Prognostic significance of surgical-pathologic multiple-station N1 disease in non-small cell carcinoma of the lung
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Objectives: The surgical outcome of pathologic N1 disease in resectable, non-small cell lung carcinoma (NSCLC) is controversial. The prognosis of the patients with multiple/bulky N2 disease was invariably dismal. However, the prognostic significance of tumor involvement in more than one hilar or intralobar lymph node station has not been fully described. Methods: From 1996 to 2002, 181 patients with NSCLC had complete resection. Four levels of N1 nodes and N2 nodes were identified using the new regional lymph node classification for lung cancer staging. There were 67 patients (37%) with no nodal disease (NO), 43 patients (24%) with N1 and 71 patients (39%) with N2 disease. The N1 subgroup cases were reviewed. The prognostic significances of single and multiple N1 diseases were tested. Results: The cumulative postoperative survival at 3 and 5 years was 57 and 29%, respectively. The survival associated with single-station N1 disease was significantly better than that of multiple-station N1 disease (45 vs 32% at 5 years; P = 0.03). Five-year survival was similar in patients with multiple N1 disease and patients with single-station N2 involvement (32 vs 31% at 5 years; P = 0.84). However, no patient survived when tumor was detected in more than one mediastinal station (i.e. multiple N2 disease). Conclusions: It was suggested that N1 disease is a compound of two subgroups: one involving in one node and the other (multiple N1 disease) in which the postoperative prognosis was not statistically different from that of N2 disease. (C) 2003 Elsevier B.V. All rights reserved.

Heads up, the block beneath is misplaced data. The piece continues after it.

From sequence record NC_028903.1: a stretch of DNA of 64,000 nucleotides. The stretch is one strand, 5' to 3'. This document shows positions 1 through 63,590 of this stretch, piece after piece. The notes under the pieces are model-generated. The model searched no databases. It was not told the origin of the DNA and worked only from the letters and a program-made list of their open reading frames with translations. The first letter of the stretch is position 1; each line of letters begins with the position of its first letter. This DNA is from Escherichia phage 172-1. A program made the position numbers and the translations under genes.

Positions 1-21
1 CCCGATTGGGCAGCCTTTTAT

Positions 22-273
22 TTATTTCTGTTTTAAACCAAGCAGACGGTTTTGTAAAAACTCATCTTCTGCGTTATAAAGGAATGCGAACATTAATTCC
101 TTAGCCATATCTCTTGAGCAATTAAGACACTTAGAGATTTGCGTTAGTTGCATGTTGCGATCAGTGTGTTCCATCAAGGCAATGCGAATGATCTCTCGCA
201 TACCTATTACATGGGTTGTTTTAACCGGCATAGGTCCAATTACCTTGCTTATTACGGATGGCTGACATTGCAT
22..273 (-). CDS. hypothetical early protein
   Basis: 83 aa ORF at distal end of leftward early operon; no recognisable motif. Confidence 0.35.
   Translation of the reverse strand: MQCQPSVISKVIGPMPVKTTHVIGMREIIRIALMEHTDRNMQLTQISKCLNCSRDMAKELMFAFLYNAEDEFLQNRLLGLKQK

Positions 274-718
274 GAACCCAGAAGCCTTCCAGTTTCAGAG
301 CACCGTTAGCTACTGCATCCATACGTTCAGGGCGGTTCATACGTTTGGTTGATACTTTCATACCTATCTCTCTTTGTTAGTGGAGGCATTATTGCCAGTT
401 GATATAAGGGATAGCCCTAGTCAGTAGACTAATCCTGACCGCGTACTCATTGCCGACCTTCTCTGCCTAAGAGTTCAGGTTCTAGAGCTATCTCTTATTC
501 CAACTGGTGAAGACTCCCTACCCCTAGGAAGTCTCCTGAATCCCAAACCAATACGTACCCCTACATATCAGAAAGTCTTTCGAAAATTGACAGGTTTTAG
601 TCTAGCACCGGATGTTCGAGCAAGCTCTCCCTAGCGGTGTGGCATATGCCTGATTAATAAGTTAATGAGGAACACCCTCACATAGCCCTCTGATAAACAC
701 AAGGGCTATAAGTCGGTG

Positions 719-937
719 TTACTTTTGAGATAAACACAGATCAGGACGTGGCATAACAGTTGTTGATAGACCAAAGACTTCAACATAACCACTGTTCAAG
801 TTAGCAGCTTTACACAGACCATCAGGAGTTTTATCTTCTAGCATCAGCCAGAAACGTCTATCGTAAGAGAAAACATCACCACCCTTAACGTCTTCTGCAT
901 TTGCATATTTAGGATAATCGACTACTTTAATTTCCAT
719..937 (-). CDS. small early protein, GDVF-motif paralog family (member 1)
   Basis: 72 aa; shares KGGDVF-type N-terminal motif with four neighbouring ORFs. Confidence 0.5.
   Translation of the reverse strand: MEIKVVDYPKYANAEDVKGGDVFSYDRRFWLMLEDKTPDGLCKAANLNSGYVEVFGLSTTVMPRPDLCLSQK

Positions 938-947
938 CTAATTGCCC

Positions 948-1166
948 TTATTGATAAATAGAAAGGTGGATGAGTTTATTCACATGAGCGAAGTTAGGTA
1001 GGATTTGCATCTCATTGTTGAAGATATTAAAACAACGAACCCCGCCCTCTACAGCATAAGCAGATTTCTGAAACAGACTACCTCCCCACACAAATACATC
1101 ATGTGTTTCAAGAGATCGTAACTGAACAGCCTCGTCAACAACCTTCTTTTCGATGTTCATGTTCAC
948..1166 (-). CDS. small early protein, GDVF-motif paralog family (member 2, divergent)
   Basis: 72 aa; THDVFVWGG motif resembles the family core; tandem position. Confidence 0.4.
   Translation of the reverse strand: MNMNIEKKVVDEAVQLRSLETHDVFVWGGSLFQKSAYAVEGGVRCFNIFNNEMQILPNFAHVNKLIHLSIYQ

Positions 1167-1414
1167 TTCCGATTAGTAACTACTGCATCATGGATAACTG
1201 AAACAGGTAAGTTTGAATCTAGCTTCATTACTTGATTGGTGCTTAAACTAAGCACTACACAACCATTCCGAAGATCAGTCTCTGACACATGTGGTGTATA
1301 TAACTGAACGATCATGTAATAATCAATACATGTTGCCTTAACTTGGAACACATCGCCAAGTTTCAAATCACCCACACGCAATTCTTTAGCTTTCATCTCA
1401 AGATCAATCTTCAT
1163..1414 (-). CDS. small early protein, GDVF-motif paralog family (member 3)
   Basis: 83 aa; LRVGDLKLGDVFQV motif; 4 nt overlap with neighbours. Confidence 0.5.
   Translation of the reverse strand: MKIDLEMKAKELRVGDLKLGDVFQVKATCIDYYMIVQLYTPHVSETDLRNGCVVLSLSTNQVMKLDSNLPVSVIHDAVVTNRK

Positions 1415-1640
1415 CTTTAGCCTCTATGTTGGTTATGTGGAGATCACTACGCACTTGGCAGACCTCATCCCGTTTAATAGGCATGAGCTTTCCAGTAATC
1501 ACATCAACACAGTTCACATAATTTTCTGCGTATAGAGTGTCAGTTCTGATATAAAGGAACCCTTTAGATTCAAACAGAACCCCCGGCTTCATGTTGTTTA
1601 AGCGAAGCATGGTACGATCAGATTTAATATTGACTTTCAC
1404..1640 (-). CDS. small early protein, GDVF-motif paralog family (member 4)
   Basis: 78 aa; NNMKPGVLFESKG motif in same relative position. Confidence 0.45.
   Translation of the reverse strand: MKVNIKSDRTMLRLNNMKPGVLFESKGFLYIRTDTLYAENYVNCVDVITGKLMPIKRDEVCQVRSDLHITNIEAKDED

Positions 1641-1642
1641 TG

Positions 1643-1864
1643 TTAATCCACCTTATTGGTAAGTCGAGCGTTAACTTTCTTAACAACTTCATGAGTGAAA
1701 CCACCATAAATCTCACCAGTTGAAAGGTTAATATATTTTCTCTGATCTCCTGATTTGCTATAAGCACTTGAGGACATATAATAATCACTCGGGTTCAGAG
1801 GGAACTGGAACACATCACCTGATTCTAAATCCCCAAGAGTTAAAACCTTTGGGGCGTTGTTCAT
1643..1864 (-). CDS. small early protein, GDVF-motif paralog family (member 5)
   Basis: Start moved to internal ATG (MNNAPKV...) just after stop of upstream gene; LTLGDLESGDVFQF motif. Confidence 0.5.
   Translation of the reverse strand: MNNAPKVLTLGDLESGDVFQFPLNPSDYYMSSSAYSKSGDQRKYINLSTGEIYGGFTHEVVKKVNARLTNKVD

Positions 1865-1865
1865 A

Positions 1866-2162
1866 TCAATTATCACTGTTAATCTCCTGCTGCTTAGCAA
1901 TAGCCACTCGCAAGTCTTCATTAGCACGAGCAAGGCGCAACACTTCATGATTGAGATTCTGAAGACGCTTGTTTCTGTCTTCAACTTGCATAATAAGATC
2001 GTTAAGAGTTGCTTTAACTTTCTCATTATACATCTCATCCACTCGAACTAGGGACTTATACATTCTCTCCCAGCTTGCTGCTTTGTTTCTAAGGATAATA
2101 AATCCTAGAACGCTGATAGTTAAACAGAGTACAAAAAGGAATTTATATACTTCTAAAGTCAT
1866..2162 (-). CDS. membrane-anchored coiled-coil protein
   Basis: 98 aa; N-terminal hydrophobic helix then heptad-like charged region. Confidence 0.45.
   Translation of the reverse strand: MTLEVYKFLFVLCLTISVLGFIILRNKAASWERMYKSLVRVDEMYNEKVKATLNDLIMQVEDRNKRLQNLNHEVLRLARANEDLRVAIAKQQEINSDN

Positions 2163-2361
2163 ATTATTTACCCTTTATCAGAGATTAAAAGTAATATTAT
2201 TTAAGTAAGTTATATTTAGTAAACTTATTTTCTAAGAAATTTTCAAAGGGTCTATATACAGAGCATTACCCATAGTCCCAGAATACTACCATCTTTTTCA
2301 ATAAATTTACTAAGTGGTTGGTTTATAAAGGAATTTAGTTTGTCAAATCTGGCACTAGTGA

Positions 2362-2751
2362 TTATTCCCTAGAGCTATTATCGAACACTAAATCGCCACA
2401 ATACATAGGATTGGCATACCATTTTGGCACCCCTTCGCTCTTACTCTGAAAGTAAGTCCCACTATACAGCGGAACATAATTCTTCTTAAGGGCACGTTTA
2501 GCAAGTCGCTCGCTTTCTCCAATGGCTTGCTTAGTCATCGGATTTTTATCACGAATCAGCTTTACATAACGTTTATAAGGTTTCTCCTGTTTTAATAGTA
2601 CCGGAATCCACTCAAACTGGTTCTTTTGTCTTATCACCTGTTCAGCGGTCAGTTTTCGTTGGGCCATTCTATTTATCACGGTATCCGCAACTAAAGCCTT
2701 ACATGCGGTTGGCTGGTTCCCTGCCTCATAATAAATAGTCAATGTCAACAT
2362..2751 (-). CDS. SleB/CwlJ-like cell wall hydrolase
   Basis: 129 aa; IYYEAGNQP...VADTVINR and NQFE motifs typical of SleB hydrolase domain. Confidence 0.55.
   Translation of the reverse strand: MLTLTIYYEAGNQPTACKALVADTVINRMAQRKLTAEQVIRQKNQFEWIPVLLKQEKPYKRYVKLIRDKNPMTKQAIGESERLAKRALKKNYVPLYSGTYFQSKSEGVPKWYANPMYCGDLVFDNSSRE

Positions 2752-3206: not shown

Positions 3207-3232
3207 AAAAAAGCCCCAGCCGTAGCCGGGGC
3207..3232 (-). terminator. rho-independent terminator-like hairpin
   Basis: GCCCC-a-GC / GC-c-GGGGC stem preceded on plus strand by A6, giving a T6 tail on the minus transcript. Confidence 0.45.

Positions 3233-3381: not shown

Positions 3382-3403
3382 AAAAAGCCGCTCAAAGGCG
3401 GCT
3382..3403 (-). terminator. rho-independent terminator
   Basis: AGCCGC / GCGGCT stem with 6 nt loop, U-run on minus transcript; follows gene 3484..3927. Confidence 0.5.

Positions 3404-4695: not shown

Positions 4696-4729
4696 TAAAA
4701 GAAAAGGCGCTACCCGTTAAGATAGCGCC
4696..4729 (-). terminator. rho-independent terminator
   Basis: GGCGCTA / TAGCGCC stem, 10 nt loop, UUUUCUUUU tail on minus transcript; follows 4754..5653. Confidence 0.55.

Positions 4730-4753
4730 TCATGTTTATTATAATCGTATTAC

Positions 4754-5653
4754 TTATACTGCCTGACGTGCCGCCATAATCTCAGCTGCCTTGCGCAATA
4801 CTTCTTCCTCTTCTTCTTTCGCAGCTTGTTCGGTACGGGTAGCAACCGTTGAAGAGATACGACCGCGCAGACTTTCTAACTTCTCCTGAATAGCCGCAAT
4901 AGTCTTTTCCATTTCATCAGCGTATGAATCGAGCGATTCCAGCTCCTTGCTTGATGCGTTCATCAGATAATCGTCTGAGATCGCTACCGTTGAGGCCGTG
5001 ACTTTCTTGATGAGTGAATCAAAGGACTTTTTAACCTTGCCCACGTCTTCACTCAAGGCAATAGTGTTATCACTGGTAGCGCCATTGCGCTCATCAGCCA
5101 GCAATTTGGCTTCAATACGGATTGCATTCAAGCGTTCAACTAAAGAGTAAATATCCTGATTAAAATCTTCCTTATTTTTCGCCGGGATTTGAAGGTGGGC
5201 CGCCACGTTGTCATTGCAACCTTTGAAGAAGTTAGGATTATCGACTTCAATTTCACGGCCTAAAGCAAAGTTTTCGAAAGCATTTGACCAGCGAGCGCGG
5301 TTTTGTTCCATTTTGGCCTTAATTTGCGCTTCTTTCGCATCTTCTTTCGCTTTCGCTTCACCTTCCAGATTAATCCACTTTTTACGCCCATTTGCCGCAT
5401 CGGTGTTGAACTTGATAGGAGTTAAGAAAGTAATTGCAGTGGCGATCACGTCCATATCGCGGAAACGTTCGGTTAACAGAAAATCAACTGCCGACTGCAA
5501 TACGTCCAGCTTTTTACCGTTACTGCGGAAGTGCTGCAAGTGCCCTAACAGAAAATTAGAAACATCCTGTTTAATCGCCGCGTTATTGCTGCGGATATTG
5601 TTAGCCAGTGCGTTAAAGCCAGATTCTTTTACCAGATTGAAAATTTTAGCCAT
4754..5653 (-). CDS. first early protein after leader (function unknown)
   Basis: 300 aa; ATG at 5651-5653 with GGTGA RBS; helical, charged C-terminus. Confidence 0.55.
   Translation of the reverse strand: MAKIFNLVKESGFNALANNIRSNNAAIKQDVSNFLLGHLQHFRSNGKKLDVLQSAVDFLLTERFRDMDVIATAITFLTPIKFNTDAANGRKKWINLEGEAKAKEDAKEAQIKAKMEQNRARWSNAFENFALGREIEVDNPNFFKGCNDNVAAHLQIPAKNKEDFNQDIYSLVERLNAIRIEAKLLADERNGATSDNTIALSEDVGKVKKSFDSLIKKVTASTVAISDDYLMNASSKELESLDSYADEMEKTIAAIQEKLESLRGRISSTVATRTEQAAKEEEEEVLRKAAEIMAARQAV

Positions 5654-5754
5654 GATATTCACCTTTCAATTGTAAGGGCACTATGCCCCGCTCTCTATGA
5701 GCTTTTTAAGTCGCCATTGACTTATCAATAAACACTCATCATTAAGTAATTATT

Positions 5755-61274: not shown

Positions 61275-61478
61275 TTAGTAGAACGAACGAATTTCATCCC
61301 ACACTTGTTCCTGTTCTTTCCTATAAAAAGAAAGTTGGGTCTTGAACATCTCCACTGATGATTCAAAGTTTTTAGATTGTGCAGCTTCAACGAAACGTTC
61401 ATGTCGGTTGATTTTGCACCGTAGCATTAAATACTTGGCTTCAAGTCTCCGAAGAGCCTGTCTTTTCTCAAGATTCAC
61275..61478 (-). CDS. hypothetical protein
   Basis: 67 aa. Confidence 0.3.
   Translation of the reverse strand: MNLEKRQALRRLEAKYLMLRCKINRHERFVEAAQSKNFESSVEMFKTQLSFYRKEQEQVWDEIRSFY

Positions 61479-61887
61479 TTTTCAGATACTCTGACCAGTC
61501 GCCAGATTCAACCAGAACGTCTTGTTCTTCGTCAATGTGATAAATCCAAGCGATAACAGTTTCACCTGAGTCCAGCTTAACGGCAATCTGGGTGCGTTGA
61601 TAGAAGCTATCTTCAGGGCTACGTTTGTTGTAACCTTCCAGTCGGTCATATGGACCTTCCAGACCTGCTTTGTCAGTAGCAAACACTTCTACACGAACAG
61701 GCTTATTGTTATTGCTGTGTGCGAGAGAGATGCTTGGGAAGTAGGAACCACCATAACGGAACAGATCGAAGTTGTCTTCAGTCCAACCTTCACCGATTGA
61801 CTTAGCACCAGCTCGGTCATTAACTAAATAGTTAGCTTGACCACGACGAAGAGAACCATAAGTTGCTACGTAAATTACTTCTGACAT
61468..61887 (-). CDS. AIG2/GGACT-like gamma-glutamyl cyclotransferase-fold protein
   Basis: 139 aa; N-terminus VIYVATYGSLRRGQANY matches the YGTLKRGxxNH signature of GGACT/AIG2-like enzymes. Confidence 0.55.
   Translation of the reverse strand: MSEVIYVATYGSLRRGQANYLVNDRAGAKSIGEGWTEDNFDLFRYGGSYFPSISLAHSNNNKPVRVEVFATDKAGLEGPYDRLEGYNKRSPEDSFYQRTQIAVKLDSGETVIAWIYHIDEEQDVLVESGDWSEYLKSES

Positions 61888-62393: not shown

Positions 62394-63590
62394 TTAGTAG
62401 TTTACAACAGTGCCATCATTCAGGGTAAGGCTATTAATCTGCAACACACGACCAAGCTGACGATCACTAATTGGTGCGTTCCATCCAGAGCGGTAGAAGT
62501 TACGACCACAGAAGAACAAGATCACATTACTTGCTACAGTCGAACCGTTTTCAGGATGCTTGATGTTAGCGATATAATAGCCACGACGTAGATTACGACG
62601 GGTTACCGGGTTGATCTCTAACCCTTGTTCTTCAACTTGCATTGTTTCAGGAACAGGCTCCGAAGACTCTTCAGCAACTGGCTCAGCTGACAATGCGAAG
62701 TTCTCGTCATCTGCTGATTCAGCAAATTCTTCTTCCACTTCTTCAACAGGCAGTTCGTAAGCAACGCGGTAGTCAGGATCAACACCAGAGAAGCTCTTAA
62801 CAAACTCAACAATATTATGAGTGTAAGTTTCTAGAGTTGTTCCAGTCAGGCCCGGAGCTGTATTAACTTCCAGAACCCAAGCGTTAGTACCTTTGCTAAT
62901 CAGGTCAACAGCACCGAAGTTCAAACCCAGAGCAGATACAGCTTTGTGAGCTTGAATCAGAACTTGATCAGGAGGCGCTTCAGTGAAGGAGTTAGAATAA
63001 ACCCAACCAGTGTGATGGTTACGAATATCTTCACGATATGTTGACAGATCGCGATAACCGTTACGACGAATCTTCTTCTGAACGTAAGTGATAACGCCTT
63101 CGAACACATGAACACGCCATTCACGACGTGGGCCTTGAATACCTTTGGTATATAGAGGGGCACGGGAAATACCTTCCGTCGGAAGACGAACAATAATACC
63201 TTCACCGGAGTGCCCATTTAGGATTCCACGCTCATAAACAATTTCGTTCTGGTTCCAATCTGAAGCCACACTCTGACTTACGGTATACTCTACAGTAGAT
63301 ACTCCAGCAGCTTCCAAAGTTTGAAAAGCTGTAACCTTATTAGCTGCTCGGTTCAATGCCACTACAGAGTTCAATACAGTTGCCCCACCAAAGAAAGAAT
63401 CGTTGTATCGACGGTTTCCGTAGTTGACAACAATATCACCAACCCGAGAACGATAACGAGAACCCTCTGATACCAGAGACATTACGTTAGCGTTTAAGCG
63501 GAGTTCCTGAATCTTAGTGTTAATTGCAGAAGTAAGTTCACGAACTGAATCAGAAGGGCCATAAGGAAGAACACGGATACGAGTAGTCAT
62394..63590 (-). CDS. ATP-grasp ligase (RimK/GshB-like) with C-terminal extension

- Makale